Nile tilapia caught at Pekon Lake in southern Shan State, where few indigenous fish species remain. (Thadoe Wai | WWF-Myanmar)

Researchers find Myanmar’s ‘underwater worlds’ in peril

A survey of rivers and lakes using pioneering DNA technology has shed new light on Myanmar’s rich biodiversity, but also revealed some spiralling threats.

By Anton L. Delgado and FRONTIER

At first glance, the syringes full of murky water don’t seem to show much. But new technology can detect dozens, if not hundreds, of species from these samples extracted from rivers and freshwater lakes throughout Myanmar.

Earlier this year, a team of mostly Myanmar scientists working for global conservation non-profit the World Wide Fund for Nature, better known as WWF, collected water samples in northern Kachin’s Putao down to the Ayeyarwady Delta to develop a baseline study of the country’s aquatic biodiversity. Using new environmental DNA technology, the study was the first of its kind in the country.

There was good and bad in the findings. The survey confirmed the continued presence of more than 400 species, including the critically-endangered Irrawaddy dolphin and the vulnerable helicopter catfish. However, researchers also found that the threats to Myanmar’s aquatic wildlife, including industrial pollution and invasive species, are more widespread than previously thought.

The results were never meant to be published, said U Pyi Soe Aung, the conservation director at WWF-Myanmar. But the surprising results tipped the scales, prompting Pyi Soe Aung and his colleagues not only to go public, but to include their names in the study. 

The latter was a rare decision given the insecurity created by the February 2021 military coup. In the nearly two years since the coup, the junta has regularly violently targeted its critics, including environmental activists.

“There are risks to using our names in the research, but credibility is important when we talk about conservation. We want to highlight the importance of protecting these species,” said Pyi Soe Aung.

To mitigate the risks and prioritise the science, the study avoided highlighting  anything that might be politically sensitive, despite widespread demands from the Myanmar public that international organisations in the country speak out against the junta, or operate underground so as to avoid engaging the regime in any way.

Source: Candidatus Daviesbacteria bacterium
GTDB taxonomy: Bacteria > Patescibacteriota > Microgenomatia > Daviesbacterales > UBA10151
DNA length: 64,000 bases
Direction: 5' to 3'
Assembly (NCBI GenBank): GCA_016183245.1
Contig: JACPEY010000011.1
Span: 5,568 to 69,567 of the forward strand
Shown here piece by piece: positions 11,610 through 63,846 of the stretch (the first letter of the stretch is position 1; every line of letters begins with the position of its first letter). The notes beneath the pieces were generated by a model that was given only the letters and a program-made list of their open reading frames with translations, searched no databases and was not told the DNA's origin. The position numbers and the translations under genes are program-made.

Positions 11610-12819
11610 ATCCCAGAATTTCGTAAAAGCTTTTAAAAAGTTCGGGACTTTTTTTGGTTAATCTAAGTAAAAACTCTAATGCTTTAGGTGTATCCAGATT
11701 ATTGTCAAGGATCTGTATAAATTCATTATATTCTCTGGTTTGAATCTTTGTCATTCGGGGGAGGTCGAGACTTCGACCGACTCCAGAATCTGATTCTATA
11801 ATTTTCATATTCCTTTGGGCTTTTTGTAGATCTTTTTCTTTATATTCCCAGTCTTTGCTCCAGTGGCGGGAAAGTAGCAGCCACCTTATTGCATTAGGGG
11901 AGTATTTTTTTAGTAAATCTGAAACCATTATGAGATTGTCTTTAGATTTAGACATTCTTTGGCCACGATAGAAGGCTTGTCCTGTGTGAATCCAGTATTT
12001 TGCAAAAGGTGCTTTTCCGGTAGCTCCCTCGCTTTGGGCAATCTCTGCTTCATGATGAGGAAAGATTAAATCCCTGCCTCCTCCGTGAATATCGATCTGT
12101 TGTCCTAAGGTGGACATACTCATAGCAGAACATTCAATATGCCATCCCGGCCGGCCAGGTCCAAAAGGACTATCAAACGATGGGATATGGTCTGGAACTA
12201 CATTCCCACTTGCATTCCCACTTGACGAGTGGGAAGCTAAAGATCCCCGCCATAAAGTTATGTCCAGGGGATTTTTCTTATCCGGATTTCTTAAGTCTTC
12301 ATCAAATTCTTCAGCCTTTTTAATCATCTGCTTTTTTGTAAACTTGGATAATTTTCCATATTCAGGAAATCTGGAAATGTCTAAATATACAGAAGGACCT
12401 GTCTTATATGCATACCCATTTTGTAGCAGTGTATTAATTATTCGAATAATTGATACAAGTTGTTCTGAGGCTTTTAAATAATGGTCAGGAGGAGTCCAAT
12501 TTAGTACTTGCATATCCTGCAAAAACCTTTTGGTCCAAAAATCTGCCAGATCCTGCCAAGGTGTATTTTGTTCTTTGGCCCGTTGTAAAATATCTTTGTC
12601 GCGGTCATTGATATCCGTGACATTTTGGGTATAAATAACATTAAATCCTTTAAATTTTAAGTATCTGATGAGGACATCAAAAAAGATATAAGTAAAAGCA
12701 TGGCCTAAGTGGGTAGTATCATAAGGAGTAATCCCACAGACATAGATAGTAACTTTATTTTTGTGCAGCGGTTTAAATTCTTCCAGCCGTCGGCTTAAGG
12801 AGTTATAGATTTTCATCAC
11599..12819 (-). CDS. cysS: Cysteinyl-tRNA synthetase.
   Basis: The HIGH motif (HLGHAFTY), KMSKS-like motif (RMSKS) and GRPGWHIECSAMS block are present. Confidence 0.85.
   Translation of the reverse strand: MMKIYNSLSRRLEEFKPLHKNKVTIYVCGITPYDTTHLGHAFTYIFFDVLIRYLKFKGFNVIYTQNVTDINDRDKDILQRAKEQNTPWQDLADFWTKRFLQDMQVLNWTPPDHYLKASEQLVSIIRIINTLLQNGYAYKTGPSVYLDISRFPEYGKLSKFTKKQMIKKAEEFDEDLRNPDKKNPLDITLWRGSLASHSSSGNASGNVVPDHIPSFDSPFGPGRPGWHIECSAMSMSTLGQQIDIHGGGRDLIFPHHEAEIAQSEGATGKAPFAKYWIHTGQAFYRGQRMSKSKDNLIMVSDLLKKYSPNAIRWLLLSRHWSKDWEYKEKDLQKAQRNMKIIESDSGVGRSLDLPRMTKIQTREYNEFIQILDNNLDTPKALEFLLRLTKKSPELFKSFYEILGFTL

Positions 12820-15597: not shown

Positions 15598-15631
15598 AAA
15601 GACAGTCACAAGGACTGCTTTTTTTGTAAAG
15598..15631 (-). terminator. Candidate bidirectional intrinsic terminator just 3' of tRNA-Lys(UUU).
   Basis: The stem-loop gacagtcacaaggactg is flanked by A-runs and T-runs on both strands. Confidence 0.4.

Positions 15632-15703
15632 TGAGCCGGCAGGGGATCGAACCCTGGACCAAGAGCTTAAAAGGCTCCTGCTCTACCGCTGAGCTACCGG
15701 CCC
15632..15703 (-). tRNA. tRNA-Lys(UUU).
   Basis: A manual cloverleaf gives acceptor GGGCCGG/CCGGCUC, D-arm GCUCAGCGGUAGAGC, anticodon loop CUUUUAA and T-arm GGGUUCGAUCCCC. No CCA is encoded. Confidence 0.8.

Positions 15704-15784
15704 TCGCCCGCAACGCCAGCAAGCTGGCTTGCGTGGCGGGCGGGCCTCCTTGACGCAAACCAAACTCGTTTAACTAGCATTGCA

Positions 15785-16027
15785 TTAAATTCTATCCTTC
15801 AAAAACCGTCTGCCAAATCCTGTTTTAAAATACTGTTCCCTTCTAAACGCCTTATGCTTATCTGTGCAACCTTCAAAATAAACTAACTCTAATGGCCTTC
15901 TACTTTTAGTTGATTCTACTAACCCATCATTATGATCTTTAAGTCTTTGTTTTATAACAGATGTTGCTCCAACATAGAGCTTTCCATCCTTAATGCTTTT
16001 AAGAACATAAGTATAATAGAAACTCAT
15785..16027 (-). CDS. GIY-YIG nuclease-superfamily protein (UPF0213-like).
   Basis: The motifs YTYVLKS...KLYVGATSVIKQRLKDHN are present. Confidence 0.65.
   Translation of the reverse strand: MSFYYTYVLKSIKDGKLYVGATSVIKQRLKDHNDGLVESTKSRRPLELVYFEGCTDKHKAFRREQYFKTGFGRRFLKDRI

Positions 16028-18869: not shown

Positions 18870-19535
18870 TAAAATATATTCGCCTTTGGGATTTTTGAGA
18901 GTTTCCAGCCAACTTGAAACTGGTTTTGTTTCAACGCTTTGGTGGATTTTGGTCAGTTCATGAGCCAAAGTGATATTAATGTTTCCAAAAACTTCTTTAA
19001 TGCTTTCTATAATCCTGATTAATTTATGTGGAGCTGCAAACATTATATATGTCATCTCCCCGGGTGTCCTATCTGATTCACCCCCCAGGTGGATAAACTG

Pyi Soe Aung added that the problems identified in the survey were truly global in nature. “From an ecological point of view, there is a tipping point and once this point is reached, you can never return,” he said.

Ko Kyaw Ye Htet, an environmental activist who founded the Myanmar Climate Strike, a protest movement, agreed that the threat to the world was existential. “If we don’t solve this collectively, we will go into extinction,” he said. “This is hell for everyone – it is not just a political or social issue, it is a big threat to the human species.”

Environmental DNA technology is used in Cambodia to locate and protect critically-endangered species. (Anton L. Delgado | Southeast Asia Globe)

Game-changing tech

As they move through water, fish shed DNA in different forms, from scales to waste, that can linger for weeks. Using eDNA technology, water samples with these remnants can reveal a full picture of the species in a given area. Pyi Soe Aung said the technology is being pioneered across 35 sites in the Greater Mekong – a region that includes Myanmar, Thailand, Laos, Cambodia, Vietnam and parts of China – but particularly in Laos and Thailand. Cambodia, though, has used it to find and conserve critically endangered crocodiles.

WWF-Myanmar partnered with NatureMetrics, a United Kingdom-based lab, to analyse the samples. Mr Benjamin Barca, head of conservation for the lab, believes eDNA is a game-changer for conservation.

“In the past, we would approach a body of water with a mix of methods. Most of these are manual, practical methods and most of them are quite invasive,” Barca said, citing netting traps and electro-fishing.